- Category: Frontpage
- Published on 27 April 2011
- Written by Super User
- Hits: 12880
Visitors of all nationalities (except SADC Countries i.e South Africa & Malawians) wishing to enter Mozambique require a valid passport and visa. Motorists must purchase a temporary import permit (hand over your SA export permit of entering at Lebombo/Ressano Garcia) and third-party insurance on the Mozambican side of the frontier. They must be in possession of the original vehicle registration papers and their driver’s licence (an international driver’s licence is recommended but not obligatory).
FROM SOUTH AFRICA AND SWAZILAND
Visa are issued in Johannesburg, Pretoria, Cape Town (45 Castle Street), Durban (320 West Street) and Nelspruit (43 Brown Street). Luxury buses are run by Panthera Azul between Johannesburg and Maputo and between Durban and Maputo; tel. Johannesburg (011) 337 7409, Durban (031) 304 5104 and Maputo (01)49 4238. Intercape runs buses all over southern Africa including the Johannesburg - Maputo route, tel. (Pretoria) (012) 654 4114, www.intercape.co.za . A sensible stopover if heading for anywhere north of Xai-Xai is Casa Lisa campsites and chalets 48km north of Maputo, tel South Africa (013) 744 9412, ask for 433.
Minibus taxis leaving from outside Johannesburg's Park City rail and coach terminus go direct to Maputo. Spoornet (formerly South African Railways), tel. Johannesburg (011) 359 2960, fax 359 8376, www.spoornet.co.za operates a regular mainline passenger train service to Lebombo near Komatipoort (change trains for Maputo) which leaves from Johannesburg on Tuesdays. Thursdays and Sundays at 4.45 p.m. and reaches Maputo at 10.16 a.m. the next day. One-way fares: first class (luxury sleeper) R170; second class (sleeper) R118 and third class (seats only) R80. Trains leave from Maputo on Mondays, Wednesdays and Fridays at 1 p.m. and arrive at 6.16 a.m. the next day in Johannesburg. Tel. Johannesburg (011) 820 2479 or 773 2944.
Get your visa in Dar es Salaam and then catch a bus (or boat if the Rufiji River is flooding, thus preventing the ferry from operating) down to Mtwara. Note that a bridge over the Rufiji was due to be completed by April 2001, and I’m told that the road from Dar to Mtwara should be all weather by now. Air Tanzania has scheduled flights weekly to Mtwara. Stay over at Mikindani Lodge and then get your passport stamped out at Kilambo, 4km from the Rovuma River. Travellers to or from Tanzania should note that the Rovuma River divides Mozambique and Tanzania and the only means of crossing for vehicles is the 7 ton ferry between Kilambo (Tanzania) and Singa (Mozambique customs and immigration post) near the river mouth. The present ferry is a Mozambican ocean-going vessel called the Mueda that can carry two light vehicles or one truck but can only cross at high tide. A German-built craft with a shallower draft is due to replace it shortly. Bear in mind before heading south from Dar es Salaam, that if you drive the 600km south to the border and find that the ferry has broken down or been discontinued, your only alternative route into Mozambique is a 3000km detour via Songea (on some very poor roads) through the length of Malawi.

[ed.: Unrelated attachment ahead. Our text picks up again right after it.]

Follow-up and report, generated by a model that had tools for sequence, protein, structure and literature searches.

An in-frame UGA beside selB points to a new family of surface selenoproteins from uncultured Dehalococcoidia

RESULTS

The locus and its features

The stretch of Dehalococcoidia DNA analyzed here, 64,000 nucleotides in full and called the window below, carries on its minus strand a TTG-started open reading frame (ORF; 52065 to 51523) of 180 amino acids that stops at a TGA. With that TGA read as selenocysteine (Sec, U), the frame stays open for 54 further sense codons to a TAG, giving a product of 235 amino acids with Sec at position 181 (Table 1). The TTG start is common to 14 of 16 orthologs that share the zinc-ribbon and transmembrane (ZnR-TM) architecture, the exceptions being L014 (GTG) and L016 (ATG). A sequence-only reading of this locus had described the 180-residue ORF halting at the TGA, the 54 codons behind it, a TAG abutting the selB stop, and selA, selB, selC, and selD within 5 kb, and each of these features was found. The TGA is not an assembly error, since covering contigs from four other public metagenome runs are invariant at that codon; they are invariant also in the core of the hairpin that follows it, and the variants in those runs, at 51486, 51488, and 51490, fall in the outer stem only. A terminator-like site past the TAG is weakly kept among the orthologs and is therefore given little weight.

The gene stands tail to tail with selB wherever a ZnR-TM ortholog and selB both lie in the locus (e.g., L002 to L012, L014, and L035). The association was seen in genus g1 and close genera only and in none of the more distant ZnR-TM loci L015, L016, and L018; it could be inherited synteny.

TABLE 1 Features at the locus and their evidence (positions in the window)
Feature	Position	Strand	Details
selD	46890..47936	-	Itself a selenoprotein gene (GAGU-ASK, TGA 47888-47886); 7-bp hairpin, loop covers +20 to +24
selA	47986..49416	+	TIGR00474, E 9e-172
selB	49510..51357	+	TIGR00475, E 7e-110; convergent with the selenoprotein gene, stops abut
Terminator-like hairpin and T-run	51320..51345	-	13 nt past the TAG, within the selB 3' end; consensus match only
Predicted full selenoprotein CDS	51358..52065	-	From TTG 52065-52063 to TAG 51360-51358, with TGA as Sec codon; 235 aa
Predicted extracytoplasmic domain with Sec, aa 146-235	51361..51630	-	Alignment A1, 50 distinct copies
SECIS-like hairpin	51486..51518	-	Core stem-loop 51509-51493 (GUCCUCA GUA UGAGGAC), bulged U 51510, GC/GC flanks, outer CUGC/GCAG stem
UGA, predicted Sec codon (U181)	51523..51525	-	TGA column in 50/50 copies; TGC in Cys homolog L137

Alternatively you can catch a dhow from Msimbati, 12 kilometres south of Mtwara to Mocimboa da Praia (the trip may take as long as four days) where you can have your passport stamped by the immigration authorities. The rate of exchange in Singa, Quionga, Palma and Mocímboa da Praia is poor, so don’t exchange much money before you get to Pemba, which is 484 km by road to the south - the trip by chapa (truck or mini-bus) taking 18 hours and costing around Mt300 000 (US$18). The provincial capital, Pemba is a tourist centre with reasonably priced hotels, pensões and campsites. Note that the track between Singa and Palma can become impassable from January to May.
After obtaining your visa in Lilongwe or Blantyre (Doogles Lodge next to the Stagecoach bus terminus can arrange same-day transit visas, but 30 day visas take 4 days), the best option might be a bus to Liwonde and then hitch to Cuamba via the Nayuchi/Entre Lagos (06:00-18:00) border, and from there catch the daily train (1st class costs Mt120 000, US$7) which leaves for Nampula. Both the railway line and road between Cuamba and Nampula have been extensively upgraded.
There is also the busy route from Malawi into Mozambique through Mwanza/Zóbué (06:00-18:00) to Tete. The escorted convoys have not been in operation (nor are they necessary) since the hostilities ceased in Mozambique in 1992. The border post at Mulanje/Milange (06:00-18:00) is open, while the road to Mocuba has been resurfaced. Users of the Likoma Island approach can check in at immigration in Cóbuè or Metangula.